Syntenic relationships between cucumber (Cucumis sativus L.) and melon (C. melo L.) chromosomes as revealed by comparative genetic mapping
1 Horticulture College, Northwest A & F University, Yangling 712100, China
2 Horticulture Department, University of Wisconsin, Madison, WI 53706, USA
3 USDA ARS Tropical Agriculture Research Station, Mayaguez, P.R. 00680, Puerto Rico
4 IRTA, Center for Research in Agricultural Genomics CSIC-IRTA-UAB, Campus UAB, Edifici CRAG, 08193 Bellaterra (Barcelona), Spain
5 USDA ARS Vegetable Crops Research Unit, Horticulture Department, University of Wisconsin, Madison, WI 53706, USA
6 USDA-ARS, Forage & Range Research Laboratory, Utah State University, Logan, UT 84322 USA
7 Horticulture College, Northeast Agricultural University, Harbin, 150030, China
8 Department of Biology, West Virginia State University Institute, WV 25112, USA
9 Vegetable Research Institute, Guangdong Academy of Agricultural Sciences, Guangzhou 510640, China
BMC Genomics 2011, 12:396 doi:10.1186/1471-2164-12-396Published: 5 August 2011
Cucumber, Cucumis sativus L. (2n = 2 × = 14) and melon, C. melo L. (2n = 2 × = 24) are two important vegetable species in the genus Cucumis (family Cucurbitaceae). Both species have an Asian origin that diverged approximately nine million years ago. Cucumber is believed to have evolved from melon through chromosome fusion, but the details of this process are largely unknown. In this study, comparative genetic mapping between cucumber and melon was conducted to examine syntenic relationships of their chromosomes.
Using two melon mapping populations, 154 and 127 cucumber SSR markers were added onto previously reported F2- and RIL-based genetic maps, respectively. A consensus melon linkage map was developed through map integration, which contained 401 co-dominant markers in 12 linkage groups including 199 markers derived from the cucumber genome. Syntenic relationships between melon and cucumber chromosomes were inferred based on associations between markers on the consensus melon map and cucumber draft genome scaffolds. It was determined that cucumber Chromosome 7 was syntenic to melon Chromosome I. Cucumber Chromosomes 2 and 6 each contained genomic regions that were syntenic with melon chromosomes III+V+XI and III+VIII+XI, respectively. Likewise, cucumber Chromosomes 1, 3, 4, and 5 each was syntenic with genomic regions of two melon chromosomes previously designated as II+XII, IV+VI, VII+VIII, and IX+X, respectively. However, the marker orders in several syntenic blocks on these consensus linkage maps were not co-linear suggesting that more complicated structural changes beyond simple chromosome fusion events have occurred during the evolution of cucumber.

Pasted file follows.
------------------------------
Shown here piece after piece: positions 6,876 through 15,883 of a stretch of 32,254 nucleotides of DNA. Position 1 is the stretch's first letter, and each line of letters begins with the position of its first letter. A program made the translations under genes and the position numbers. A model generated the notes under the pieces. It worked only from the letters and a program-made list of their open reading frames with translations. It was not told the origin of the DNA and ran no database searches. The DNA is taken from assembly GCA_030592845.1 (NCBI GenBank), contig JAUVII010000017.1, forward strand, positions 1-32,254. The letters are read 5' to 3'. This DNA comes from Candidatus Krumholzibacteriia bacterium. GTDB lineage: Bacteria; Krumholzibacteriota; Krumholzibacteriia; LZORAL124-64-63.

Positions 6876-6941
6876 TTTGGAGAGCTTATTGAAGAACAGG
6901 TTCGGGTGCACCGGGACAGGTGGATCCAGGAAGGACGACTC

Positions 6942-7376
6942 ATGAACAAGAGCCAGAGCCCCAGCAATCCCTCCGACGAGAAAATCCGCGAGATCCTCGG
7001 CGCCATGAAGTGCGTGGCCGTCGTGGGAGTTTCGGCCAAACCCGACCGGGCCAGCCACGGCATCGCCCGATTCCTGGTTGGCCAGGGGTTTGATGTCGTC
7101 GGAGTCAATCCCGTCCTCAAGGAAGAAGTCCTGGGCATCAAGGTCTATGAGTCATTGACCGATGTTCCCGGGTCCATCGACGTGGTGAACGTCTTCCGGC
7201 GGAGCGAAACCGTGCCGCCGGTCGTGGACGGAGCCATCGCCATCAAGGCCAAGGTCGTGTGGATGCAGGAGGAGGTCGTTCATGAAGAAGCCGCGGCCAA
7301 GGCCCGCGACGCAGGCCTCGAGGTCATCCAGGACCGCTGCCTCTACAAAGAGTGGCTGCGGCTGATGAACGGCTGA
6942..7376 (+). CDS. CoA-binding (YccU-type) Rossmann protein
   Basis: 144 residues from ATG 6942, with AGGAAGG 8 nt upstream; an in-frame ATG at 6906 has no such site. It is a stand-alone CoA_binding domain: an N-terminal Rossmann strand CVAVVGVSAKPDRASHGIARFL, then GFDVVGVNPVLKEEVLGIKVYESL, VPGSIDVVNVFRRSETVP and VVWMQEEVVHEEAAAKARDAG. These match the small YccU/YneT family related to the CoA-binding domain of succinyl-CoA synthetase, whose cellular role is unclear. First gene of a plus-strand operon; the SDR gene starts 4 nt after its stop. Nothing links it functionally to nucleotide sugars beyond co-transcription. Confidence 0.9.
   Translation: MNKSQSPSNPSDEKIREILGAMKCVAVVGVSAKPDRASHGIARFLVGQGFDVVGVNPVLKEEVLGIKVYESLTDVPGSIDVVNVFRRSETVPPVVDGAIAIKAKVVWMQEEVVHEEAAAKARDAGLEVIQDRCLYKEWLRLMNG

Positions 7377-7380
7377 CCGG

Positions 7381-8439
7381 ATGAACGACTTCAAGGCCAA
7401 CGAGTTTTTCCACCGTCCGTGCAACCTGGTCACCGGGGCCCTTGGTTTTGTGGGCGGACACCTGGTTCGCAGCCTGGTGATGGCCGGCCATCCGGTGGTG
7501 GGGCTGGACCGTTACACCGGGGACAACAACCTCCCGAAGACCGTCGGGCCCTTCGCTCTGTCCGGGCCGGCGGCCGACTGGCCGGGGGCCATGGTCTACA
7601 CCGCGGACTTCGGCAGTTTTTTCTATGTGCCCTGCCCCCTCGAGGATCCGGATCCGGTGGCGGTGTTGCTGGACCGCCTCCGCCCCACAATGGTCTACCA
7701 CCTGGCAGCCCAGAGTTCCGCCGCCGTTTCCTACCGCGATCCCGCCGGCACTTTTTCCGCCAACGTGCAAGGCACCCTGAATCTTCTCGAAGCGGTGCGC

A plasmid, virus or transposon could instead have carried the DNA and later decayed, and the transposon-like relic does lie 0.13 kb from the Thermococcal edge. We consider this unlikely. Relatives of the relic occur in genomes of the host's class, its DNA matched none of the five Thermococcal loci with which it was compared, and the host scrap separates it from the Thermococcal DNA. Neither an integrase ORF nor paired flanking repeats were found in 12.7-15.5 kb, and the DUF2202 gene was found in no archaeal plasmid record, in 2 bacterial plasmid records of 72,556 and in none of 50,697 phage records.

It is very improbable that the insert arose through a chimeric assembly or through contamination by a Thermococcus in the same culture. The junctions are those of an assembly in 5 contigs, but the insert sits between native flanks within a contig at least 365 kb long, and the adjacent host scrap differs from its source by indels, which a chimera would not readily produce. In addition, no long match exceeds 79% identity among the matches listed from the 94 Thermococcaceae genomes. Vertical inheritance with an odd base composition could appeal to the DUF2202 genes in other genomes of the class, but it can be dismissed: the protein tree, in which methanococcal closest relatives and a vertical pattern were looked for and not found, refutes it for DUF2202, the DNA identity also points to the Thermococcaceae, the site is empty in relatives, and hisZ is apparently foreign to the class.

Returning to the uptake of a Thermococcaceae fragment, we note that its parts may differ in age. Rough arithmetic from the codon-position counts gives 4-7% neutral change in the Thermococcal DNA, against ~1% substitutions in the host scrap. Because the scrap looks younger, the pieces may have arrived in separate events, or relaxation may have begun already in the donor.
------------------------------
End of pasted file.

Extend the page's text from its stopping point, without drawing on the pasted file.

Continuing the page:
Comparative mapping conducted herein supported the hypothesis that cucumber chromosomes may be the result of chromosome fusion from a 24-chromosome progenitor species. Except for a possible inversion, cucumber Chromosome 7 has largely remained intact in the past nine million years since its divergence from melon. Meanwhile, many structural changes may have occurred during the evolution of the remaining six cucumber chromosomes. Further characterization of the genomic nature of Cucumis species closely related to cucumber and melon might provide a better understanding of the evolutionary history leading to modern cucumber.